AARON SMITH [continued]: the vast majority of the content that they encounteris not chosen by a human editor but ischosen by an opaque algorithm crunching a lot of data,and serving them up that piece of content for reasons thataren't entirely clear even to the people who created thosealgorithms.So from the standpoint of the content that people encounter,

  • 10:04

    AARON SMITH [continued]: the information that they're exposed to,it's hugely important to understandhow machine learning and other typesof algorithmic intelligence influence the content that theysee, and their perceptions of howthat influences the types of thingsthat they're exposed to online.In addition to the types of informationthat people are exposed to online,

  • 10:25

    AARON SMITH [continued]: machine learning and other types of algorithmsare now playing an increasingly prominent rolein all sorts of important decisions in people's lives.From whether they qualify for a loanor not to whether they can access government assistance.Or even whether or not they might qualify for paroleafter they're convicted of a crime.And obviously there are challenges in humans

  • 10:48

    AARON SMITH [continued]: making those decisions as well.But there's a real concern that algorithmsmay reinforce a lot of inequities and inequalitiesunder the guise of being outwardly biased or neutral.So understanding both people's awarenessof the extent to which those algorithms are involved

  • 11:11

    AARON SMITH [continued]: in those decisions, as well as their views over howwell those decisions are being madeand their understanding of those techniques,is hugely important for both policymakers as well asthe informed public to help us understand this issue morebroadly.[What kinds of challenges do you face in your research work &how do you overcome them?]

  • 11:31

    AARON SMITH [continued]: In terms of areas where computational social sciencecan help us answer questions that we can't answer at allusing surveys, a great example of thatis a study we did last year looking at submissionsto the FCC's is open comment processaround the net neutrality plan.Net neutrality is an incredibly wonky issue.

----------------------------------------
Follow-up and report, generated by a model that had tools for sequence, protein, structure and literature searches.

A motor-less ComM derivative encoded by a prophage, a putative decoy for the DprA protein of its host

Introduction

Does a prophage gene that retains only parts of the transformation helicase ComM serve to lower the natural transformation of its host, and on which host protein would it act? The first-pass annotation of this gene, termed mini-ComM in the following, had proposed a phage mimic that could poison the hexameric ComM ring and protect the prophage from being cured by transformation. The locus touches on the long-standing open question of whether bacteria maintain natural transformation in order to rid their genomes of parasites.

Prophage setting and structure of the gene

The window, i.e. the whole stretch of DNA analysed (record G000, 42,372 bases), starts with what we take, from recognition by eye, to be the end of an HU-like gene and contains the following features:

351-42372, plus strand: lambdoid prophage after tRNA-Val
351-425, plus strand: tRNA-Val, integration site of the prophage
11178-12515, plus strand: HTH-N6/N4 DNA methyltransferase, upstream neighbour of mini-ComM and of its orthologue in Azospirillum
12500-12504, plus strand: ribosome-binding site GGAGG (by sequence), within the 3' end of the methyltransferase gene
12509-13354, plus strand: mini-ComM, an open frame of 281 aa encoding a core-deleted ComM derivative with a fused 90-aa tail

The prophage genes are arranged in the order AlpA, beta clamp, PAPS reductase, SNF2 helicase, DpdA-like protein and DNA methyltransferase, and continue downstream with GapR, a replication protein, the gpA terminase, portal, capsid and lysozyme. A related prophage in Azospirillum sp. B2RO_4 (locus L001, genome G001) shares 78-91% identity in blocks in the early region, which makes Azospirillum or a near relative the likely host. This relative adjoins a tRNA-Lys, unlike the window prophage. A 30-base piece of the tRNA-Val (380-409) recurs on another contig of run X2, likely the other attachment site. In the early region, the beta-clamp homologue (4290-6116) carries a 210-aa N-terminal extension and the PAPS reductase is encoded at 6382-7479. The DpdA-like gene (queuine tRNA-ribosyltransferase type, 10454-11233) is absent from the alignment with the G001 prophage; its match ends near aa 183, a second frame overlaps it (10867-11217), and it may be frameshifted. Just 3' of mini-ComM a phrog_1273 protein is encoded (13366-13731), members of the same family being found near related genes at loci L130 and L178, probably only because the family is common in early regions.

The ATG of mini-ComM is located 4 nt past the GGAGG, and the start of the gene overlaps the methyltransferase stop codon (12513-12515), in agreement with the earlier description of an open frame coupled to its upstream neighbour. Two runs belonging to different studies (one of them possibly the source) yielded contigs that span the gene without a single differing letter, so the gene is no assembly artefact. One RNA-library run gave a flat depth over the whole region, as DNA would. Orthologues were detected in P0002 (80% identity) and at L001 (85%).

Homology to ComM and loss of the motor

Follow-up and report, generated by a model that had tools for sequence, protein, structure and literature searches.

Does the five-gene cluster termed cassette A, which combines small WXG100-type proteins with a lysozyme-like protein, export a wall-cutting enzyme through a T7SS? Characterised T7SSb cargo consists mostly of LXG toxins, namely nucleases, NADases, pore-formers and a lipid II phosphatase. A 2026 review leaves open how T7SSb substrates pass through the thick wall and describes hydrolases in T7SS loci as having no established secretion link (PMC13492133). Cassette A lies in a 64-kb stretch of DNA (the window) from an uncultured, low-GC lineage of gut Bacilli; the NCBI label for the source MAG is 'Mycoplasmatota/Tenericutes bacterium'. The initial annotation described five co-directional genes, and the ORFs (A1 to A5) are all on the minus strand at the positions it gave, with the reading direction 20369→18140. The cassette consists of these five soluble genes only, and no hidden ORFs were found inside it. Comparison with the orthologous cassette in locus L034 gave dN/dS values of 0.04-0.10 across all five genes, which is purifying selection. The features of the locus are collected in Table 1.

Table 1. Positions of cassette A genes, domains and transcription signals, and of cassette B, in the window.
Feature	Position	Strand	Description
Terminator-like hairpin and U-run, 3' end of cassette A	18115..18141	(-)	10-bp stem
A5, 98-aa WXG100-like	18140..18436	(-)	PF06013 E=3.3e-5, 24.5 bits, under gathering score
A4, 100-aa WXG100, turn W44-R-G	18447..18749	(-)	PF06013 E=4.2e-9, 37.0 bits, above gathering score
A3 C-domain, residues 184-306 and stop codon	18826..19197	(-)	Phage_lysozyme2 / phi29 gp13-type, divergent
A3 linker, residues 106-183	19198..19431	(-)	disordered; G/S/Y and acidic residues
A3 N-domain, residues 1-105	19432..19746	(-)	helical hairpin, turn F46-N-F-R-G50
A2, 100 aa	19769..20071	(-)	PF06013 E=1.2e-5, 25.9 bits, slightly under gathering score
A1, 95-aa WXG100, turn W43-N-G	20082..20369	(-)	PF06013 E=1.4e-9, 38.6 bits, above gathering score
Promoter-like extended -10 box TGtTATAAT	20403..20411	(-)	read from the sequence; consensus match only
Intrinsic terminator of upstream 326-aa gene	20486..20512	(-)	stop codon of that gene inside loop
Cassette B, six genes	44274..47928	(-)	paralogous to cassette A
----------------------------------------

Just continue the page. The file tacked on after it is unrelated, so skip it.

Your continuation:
• 11:53

    AARON SMITH [continued]: It's very hard to describe.We've never figured out how we can ask peopleabout that in a survey in a way that is clear non-misleading.It's just a very challenging subject in that venue.So what we were able to do using social science--computational social science techniquesis look at the comments that people were submitting

  • 12:14

    AARON SMITH [continued]: to the FCC, and use that as a way to gaugethe opinions of the public.And, in this case, gauge some of the challenges of open commentprocesses entirely, using a techniquethat we didn't have in our toolbox as recentlyas a few years ago.And for which traditional surveys would not have really

  • 12:35

    AARON SMITH [continued]: been a good instrument for gainingan understanding of that issue.That said, are some of our best work,I think, is work that utilizes both surveys and big dataanalytics to compliment each otherand provide new insights into similar topics.So one very good example of that is a study

  • 12:56

    AARON SMITH [continued]: we did a few years ago looking at conversations about raceon social media.So with our survey, we were able to askpeople about the types of contentaround race that they were exposed to, the extent to whichpeople of different races encountered those discussionsat different rates.And get a sense of the overall importance of social media

  • 13:18

    AARON SMITH [continued]: when it comes to processing those types of issuesthat are going on in our culture right now.Simultaneously, we were also able to do a social media--an analysis of social media data,looking specifically at conversations about racemore broadly.But also about the Black Lives Matter hashtag.And track the ways in which sentiment around Black Lives

  • 13:39

    AARON SMITH [continued]: Matter had shifted over time, and the waysin which different issues emerged in the social mediaconversation in a way that we wouldn'thave had an opportunity to do in a traditional survey.So that was a great example of a study wherewe were able to combine the types of attitudinal datathat you can get from a survey to talkabout how people are feeling about a particular issue.

  • 14:01

    AARON SMITH [continued]: And combined that with social media datato talk about the broader landscape of the conversationsthat people are having about a particular issue.[What kinds of challenges do you face in your research work &how do you overcome them?]So I will say that asking people about technology,

  • 14:23

    AARON SMITH [continued]: particularly technology that isn'toutwardly visible to people, is an inherent challengeof our work.And one of the things that we spend the most time onis figuring out how to ask peopleabout things in a way that describes a particular behaviorthat they might engage in, that serves as a proxy for somethinghappening elsewhere.

  • 14:43